Kanbun-inchi was a law established through a series of documents, namely ryochi-hanmono (a shogunal letter of authorization for the possesion of and ruling over a fief), shuinjo (shogunal letters with a red seal) and ryochi-mokuroku (a document supplementing ryoci-hanmono indicating the details of a fief) which were simaltaneously issued by the Edo bakufu (Japanese feudal government headed by a shogun) to daimyo (Japanese feudal lord) throughout the country on April 5, fourth year of the Kanbun era in the old calendar (April 30, 1664). Similar documents were also issued to kuge (court noble), monzeki (successor of a temple), temples, shrines and so on in the following year, and accordingly, the Edo bakufu established each daimyu's right to possess and rule its fief and the right of prople and institutions to control individual territories both nominally and virtually. Shuinjo which had been possessed till then by daimyo, kuge, temples and shrines throughout the country were returned first and new shuinjo were issued to them at the same time. As a result, this event was called Kanbun-no-shuin-aratame (renewal of shuinjo in the Kanbun era), and the newly issued shuinjo were particularly called 'Kanbun-no-shuinjo'.
Documents cncerning the granting of fiefs, such as ryochi-hanmono and shuinjo, used to be issued to individual owners at different times, but the bakufu gave an order to all daimyo over the nation to return such documents to it, on March 7 (according to old lunar calendar), 1664. Subsequently, ryochi-hanmono, shuinjo and ryochi-mokuroku, written in the same format respectively, were issued simultaneously to daimyo throughout the country under the name of Ietsuna TOKUGAWA, Seiitaishogun (seiitaishogun: barbarian-quelling generalissimo). These documents were issued to 219 families in total, excluding gosanke (御三家: three privileged branches of the Tokugawa family), the gosanke-equivalent Kofu Tokugawa and Tatebayashi Tokugawa families, and the Sendai Date clan for whom granting of the documents was put off to a later date because they did not agree to the way their two branch domains, Uwajima and Iyo Yoshida, were treated.
Subsequently, a similar order for the return of documents was given to kuge, monzeki, temples and shrines on March 1 (old lunar calendar), 1665, and the new ryochi-hanmono, shuinjo and ryochi-mokuroku, each prepared in an identical format, were issued successively from July on in the same year. New ryochi-hanmono, shuinjo and ryochi-mokuroku were individually granted to kuge, those temples and shrines which had received shuinjo from more than one Tokugawa Shogun in the past or which possessed a territory of more than 500,000 koku (of rice). For those temples and shrines which do not fit the conditions mentioned above, however, the documents such as shuinjo were granted on a collective basis to their higher institution, for instance, the head temple of their religious school. As a consequence, the documents were issued to 97 kuge, 27 monzeki temples, 27 convents, 12 inge (a branch temple to support services of the main temple), 1076 temples of other types, 365 shrines, and 7 others.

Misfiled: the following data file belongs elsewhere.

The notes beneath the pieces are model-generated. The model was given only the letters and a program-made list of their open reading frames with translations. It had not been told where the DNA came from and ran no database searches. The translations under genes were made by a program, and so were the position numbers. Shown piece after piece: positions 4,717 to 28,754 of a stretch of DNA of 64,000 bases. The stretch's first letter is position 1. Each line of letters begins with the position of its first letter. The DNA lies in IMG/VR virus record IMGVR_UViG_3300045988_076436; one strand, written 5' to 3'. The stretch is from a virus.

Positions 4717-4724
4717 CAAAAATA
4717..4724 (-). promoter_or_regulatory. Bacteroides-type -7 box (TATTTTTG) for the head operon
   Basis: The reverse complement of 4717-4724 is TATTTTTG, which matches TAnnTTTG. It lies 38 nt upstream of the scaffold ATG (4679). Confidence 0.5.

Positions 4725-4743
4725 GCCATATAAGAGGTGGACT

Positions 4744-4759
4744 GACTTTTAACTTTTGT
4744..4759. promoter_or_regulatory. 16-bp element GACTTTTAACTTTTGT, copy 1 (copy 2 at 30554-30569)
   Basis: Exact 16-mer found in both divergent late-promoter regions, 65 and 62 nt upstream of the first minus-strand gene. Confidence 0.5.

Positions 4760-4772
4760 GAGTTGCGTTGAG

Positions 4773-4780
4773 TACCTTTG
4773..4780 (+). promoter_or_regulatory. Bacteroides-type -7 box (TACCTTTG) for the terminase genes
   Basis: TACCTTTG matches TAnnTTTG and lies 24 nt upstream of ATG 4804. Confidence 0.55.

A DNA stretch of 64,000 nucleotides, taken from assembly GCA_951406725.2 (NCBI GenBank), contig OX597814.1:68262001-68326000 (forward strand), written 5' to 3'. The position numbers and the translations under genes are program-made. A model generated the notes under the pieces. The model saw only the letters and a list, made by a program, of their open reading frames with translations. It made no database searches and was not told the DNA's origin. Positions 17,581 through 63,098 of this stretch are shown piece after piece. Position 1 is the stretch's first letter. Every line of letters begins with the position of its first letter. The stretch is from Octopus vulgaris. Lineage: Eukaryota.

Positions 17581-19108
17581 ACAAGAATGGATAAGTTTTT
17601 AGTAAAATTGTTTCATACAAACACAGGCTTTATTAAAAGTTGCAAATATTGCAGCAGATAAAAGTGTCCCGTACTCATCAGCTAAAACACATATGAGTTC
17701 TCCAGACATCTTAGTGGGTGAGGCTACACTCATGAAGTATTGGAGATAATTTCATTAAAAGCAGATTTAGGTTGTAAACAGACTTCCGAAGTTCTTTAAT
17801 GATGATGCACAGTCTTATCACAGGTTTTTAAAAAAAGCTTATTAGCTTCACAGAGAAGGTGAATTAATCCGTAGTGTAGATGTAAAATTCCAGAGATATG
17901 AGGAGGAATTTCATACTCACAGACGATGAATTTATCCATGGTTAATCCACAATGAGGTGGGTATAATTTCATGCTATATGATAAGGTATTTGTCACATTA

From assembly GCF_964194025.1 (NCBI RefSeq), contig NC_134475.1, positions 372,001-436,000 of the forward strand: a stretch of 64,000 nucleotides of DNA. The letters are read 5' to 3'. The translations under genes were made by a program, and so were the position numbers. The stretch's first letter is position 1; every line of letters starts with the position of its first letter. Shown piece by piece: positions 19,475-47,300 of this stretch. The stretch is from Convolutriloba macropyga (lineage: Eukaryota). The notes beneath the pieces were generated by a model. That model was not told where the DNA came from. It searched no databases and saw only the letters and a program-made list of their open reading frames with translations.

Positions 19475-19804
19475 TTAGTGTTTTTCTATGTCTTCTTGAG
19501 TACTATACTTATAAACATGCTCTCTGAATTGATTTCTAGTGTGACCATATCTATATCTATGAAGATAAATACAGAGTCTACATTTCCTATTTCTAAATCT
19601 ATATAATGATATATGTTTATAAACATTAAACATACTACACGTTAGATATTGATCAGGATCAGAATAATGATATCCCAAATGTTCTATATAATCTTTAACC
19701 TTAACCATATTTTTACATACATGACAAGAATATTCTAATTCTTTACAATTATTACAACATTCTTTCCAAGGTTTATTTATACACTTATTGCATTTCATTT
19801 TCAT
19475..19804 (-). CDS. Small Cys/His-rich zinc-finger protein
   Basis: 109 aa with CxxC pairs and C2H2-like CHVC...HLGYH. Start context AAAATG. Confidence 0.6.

In the ryochi-mokuroku were specified the name of the provinces (as governed in accordance with the ritsuryo codes) including their counties and villages, and their kokudaka (stipend assessed in terms of rice production), granted by the Tokugawa Shogun family, thus concretely determining the range of a territory for each manorial head. The format and shosatsurei (letter-writing rules and etiquette) applied to ryochi-hanmono, shuinjo and ryochi-mokuroku issued thereafter by the Edo bakufu were standardized using those of the ones issued in 1664.
People engaged in practical business of issuing those documents as bugyo (magistrate, shogunate administrator) included Naganori OGASAWARA and Naotsune NAGAI, who covered the domains of daimyo, Masanori INABA, the territories of kuge, Masatoshi INOUE and Naozumi KAGATSUME, the territories of temples and shrines, and Masayuki KUBO (yuhitsu [amanuensis]) who was in charge of document drafting and amending. The total number of ryochi-hanmono, shuinjo and ryochi-mokuroku issued reached 1830. The contents of these documents were later compiled into a documentary literature called "Kanbun-inchi-shu" (or under some different names including "Kanbun-inchi-dome"). It is not known when or by whom Kanbun-inchi-shu was compiled, and there exist a number of manuscripts and alternative versions of this literature, which work as the basic documents showing how the Edo bakufu administered the nation in those days. Also, Kanbun-inchi-shu shows the then distribution of daimyo and each daimyo's kokudaka throughout the country almost completely, and the daimyo distribution map based on this literature is often used in school textbooks on Japanese history.
When Tsunayoshi TOKUGAWA became the fifth shogun in 1684, a total of 4,878 documents including shuinjo was regranted to daimyo, kuge, temples and shrines including small-scale temples and shrines which had not been covered by Kanbun-inchi, which was called tugime-ando (tsugime: inheritance, ando: recognition and guarantee by the lord of a vassal's rights regarding a piece of land or an estate, tsugime-ando [only referring to ones carried out in the Edo period]: renewal of such recognition and gurantee by each shogun]). This tsugime-ando came to be carried out at each shogunal succession from the eighth shogun Yoshimune TOKUGAWA and thereafter.